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Two-thirds majority may be within reach of pro-amendment parties, Sankei-FNN poll

  • July 5, 2016
  • , Sankei , Lead story
  • Translation

On July 4, the Sankei Shimbun considered the election outlook in the final stage of campaigning for the July 10 House of Councillors election, based on its joint public opinion survey conducted with Fuji News Network (FNN) on July 1-3 and factoring in findings from its local coverage. It looks likely that the Liberal Democratic Party (LDP), Komeito, and other pro-revisionist parties will be able to secure the two-thirds needed to initiate constitutional revision at the Diet (total of 162 seats, including uncontested seats). The situation is still uncertain, however, as the results of the 32 Upper House single-seat electoral districts will have a major impact.

 

For the ruling parties of the LDP and Komeito alone to secure two-thirds of the Upper House seats they must win 86 of the 121 seats up for election. If the seats held by pro-revisionist Initiatives from Osaka and Party for Japanese Kokoro are taken into account, however, the ruling parties only have to win 78 seats. Fierce battles are raging in eight of the single-seat districts up for election, including Aomori, Fukushima, and Mie, where the opposition parties are joining hands to field one candidate to oppose the LDP and keep it from gaining a two-thirds majority.

 

The LDP has its sights set on a stand-alone majority (122 seats, including uncontested seats), which it has not enjoyed for 27 years. The LDP needs to win 57 seats to gain a stand-alone majority, and it looks like they may win 40 seats in the single-seat constituencies and 19 in the proportional representation segment. The Komeito is expected to add to the nine seats up for re-election and looks set to take around 12 seats. Initiatives from Osaka seem likely to take at most three single-seat constituency seats and around five seats in the proportional representation segment. Party for Japanese Kokoro aims to take one seat.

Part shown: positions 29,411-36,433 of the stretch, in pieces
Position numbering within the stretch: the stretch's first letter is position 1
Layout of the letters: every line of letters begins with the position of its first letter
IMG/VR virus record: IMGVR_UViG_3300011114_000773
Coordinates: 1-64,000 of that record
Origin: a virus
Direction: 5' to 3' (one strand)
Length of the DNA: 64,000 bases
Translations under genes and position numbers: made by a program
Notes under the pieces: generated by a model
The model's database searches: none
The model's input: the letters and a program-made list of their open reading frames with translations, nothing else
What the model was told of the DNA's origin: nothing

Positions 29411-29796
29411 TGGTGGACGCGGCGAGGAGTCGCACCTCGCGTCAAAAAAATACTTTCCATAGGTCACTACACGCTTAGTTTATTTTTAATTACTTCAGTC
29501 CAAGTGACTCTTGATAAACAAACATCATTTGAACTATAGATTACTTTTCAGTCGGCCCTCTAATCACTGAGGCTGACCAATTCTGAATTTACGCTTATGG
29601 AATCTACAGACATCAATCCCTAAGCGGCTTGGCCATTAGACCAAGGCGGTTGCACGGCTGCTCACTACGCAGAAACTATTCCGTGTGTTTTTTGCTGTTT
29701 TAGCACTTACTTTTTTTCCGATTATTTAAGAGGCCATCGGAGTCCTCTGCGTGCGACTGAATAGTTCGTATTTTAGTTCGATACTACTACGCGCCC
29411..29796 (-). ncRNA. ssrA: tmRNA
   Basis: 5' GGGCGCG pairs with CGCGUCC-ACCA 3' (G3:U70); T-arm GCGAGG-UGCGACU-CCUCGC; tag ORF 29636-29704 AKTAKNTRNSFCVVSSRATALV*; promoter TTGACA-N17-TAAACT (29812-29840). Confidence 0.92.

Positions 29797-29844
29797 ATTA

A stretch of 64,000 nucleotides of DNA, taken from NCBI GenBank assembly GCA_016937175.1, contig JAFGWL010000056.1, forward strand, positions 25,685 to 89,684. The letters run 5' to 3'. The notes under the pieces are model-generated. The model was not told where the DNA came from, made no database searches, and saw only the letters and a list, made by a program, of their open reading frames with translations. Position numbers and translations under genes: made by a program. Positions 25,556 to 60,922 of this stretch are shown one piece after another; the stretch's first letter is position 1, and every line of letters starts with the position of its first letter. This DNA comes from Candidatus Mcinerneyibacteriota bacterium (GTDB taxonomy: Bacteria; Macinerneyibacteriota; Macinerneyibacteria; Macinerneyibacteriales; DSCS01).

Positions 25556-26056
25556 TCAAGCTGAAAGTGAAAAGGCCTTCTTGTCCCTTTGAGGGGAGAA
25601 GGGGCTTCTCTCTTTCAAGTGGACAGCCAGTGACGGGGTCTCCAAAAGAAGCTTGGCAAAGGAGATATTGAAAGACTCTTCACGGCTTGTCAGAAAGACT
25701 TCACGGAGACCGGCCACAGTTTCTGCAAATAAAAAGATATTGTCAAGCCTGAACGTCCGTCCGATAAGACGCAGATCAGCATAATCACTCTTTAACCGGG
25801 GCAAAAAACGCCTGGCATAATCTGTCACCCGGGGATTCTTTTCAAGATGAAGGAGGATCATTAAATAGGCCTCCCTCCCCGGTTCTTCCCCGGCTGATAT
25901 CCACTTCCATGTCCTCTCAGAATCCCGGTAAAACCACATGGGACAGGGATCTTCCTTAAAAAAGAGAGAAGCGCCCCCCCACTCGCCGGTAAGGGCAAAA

The Democratic Party is highly likely to fall below the 43 seats up for re-election and may not even take 30. The Japanese Communist Party looks like it will further raise the number of seats it holds, having taken eight in the 2013 Upper House elections. The Social Democratic Party and the People’s Life Party & Taro Yamamoto and Friends may be able to take one seat each. There is a chance that minority parties will take one seat in the proportional representation segment.

 

The situation remains fluid, however, because in some electoral districts more than 30% of voters are still undecided.

 

Seats projected for political parties

Up for reelection

Uncontested

Liberal Democratic Party

53-59-63

50

65

Democratic Party

20-28-32

43

17

Komeito

10-12-14

9

11

Japanese Communist Party

7-10-13

3

8

Initiatives from Osaka

6-7-9

2

5

Social Democratic Party

0-1

2

1

People’s Life Party & Taro Yamamoto and Friends

0-1

2

1

Party for Japanese Kokoro

0-1

0

3

New Renaissance Party

0

1

0

Happiness Realization Party

0

0

0

Minorities

0-1

1

3

Independent unified candidates

3-4-5

0

0

Independents

0-1

7

7

Total

121

120

121

Seats up for reelection include 1 vacancy.

 

Polling methodology: The sample size was 16,121. Based on the voting register as of the end of March 2015, the sample pool was taken from among voters aged 18 or over by electoral district, adjusted to the gender and age composition of each survey area. The survey was conducted until the calculated number of responses was obtained by placing telephone calls on a random digit dialing (RDD) basis.

 

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